As mentioned above, I compiled a mailing list of customers who had expressed an interest in acquiring seeds and/or seedlings of heirloom tomatoes. I have also been accumulating a fairly extensive mailing list of my customers, members of gardening interest groups, etc. We combined my lists with the list of customers from my friend's nursery and we sent her newsletter, with an insert on my tomatoes and other things, to all those people. She has a bulk mailing permit for her own newsletter and I supplied the labor force.

We used the nursery as the mailing address and local pick-up point, money due up front and your seedling choices are guaranteed. Any seedlings not sold go to the nursery. That's about it.


    Bookmark   March 16, 2005 at 7:52PM
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I have a sign TOMATOES WITH TASTE. I also do a variety pack of different tomatoes as a special with 1 each of about 5 varieties so they can try them out. I don't do plants jsut produce in August and Septmeber.

    Bookmark   March 17, 2005 at 5:49PM
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GrassIsEvil(z6 TN)

Another marketing strategy that might help you:

While on vacation in the Smoky Mountains, I kept an eye on the roadside produce signs. One emphasized the Cherokee heritage and even had Cherokee Purple tomatoes on the stand and in the adjoining fields. In conversation with the owner, the point was made that due to the elevation, tomatoes started late and he didn't get them on the stand until late in the season.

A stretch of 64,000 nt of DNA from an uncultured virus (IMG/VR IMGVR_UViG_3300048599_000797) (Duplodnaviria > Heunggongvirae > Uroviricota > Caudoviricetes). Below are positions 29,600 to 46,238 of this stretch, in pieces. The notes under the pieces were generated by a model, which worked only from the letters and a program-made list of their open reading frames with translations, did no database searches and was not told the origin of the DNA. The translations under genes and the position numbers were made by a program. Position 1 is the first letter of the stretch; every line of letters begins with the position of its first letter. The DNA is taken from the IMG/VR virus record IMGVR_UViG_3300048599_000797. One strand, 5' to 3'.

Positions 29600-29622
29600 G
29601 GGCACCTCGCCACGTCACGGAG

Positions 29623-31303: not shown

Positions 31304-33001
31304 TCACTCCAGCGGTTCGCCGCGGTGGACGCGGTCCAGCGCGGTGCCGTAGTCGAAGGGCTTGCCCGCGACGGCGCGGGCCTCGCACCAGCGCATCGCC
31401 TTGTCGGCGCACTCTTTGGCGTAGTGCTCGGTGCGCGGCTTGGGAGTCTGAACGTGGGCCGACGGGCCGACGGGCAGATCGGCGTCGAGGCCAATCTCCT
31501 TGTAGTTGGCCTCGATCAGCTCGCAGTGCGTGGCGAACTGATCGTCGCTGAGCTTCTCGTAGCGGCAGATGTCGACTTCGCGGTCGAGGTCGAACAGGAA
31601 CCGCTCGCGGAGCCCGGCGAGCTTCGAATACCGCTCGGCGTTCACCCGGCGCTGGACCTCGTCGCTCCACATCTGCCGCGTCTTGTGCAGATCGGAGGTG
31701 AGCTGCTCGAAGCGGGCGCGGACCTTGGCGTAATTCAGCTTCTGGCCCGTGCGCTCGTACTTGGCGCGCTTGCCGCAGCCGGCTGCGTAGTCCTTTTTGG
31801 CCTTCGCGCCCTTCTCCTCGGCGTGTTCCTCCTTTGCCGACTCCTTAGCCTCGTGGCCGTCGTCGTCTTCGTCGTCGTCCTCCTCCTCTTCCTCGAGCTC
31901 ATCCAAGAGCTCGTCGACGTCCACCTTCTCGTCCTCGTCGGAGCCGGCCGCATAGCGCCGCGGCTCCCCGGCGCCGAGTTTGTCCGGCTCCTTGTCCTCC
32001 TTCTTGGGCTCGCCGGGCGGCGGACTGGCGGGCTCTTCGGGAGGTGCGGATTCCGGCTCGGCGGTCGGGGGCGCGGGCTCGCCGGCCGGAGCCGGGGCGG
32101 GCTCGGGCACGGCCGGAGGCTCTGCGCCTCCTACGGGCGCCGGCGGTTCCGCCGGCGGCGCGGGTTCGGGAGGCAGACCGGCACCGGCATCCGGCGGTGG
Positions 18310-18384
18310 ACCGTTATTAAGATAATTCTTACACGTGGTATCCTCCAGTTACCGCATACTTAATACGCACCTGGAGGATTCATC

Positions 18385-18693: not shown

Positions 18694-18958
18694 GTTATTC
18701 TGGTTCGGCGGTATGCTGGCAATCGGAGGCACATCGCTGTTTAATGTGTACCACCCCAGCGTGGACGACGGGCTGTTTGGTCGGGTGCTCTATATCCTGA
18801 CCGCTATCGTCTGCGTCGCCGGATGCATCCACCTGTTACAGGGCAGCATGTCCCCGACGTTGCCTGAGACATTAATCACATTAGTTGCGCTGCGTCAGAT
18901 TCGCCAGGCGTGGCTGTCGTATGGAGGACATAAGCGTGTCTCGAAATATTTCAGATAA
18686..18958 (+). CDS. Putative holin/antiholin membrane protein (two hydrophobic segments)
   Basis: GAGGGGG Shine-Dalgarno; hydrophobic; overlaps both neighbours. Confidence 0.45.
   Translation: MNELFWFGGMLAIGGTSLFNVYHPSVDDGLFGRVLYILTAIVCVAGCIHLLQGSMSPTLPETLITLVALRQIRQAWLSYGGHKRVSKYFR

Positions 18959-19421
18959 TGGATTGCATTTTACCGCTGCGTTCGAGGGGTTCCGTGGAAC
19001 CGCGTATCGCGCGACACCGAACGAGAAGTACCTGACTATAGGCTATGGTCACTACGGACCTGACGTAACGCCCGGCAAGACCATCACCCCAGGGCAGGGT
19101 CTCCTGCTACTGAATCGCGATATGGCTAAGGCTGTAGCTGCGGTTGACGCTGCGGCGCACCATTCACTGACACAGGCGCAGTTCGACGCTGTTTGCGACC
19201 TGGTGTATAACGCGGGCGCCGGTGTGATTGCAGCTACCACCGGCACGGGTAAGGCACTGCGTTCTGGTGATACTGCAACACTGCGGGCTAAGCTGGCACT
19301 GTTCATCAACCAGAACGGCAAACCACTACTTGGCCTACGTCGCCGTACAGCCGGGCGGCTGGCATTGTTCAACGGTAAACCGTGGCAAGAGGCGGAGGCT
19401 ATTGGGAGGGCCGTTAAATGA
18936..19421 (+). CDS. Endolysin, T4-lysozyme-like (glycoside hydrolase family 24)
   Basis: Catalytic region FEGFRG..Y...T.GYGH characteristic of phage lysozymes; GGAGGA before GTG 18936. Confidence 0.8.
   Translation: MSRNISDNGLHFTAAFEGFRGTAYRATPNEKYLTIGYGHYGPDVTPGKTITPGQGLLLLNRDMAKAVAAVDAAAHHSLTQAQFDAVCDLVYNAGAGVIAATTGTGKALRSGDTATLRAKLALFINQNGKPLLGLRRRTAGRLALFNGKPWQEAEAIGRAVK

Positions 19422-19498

He had no greenhouse--so we arranged that I would supply Cherokee Purple seedlings to him and his family group. I can use the leftover seedlings I don't sell for our earlier season and I hold them longer so they're larger than I commonly sell.

My CP's go into the field earlier, so I can sell him the tomatoes while he's waiting for his to ripen. He's very happy with the arrangement and we're expanding it.

The thing to remember is that marketing isn't simply selling; it's finding the opportunities for selling and even creating the opportunities for selling.


    Bookmark   March 20, 2005 at 8:15PM
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chinamigarden(z5 MI)


The guy who grows them in his driveway sounds like NCtomatoman who is a frequent contributor to the tomato forum here on GW.

    Bookmark   March 24, 2005 at 9:07AM
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Thats who I buy mine from - but there are others also.

    Bookmark   March 24, 2005 at 1:26PM
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chinamigarden(z5 MI)

I have seen pictures that he posts of all his plants in his driveway. Its quite a scene. I remember the trouble I had last year just trying to harden off my 30 tomato and 25 pepper plants in my driveway. The wind and the kids, I can't imagine dealing with the numbers that he does.

    Bookmark   March 24, 2005 at 2:26PM
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adrianag(AL z7)

If I were you I would post pictures of the tomatoes and a description of the flavor. Attache them in a way that they can't "walk".

    Bookmark   March 26, 2005 at 6:59PM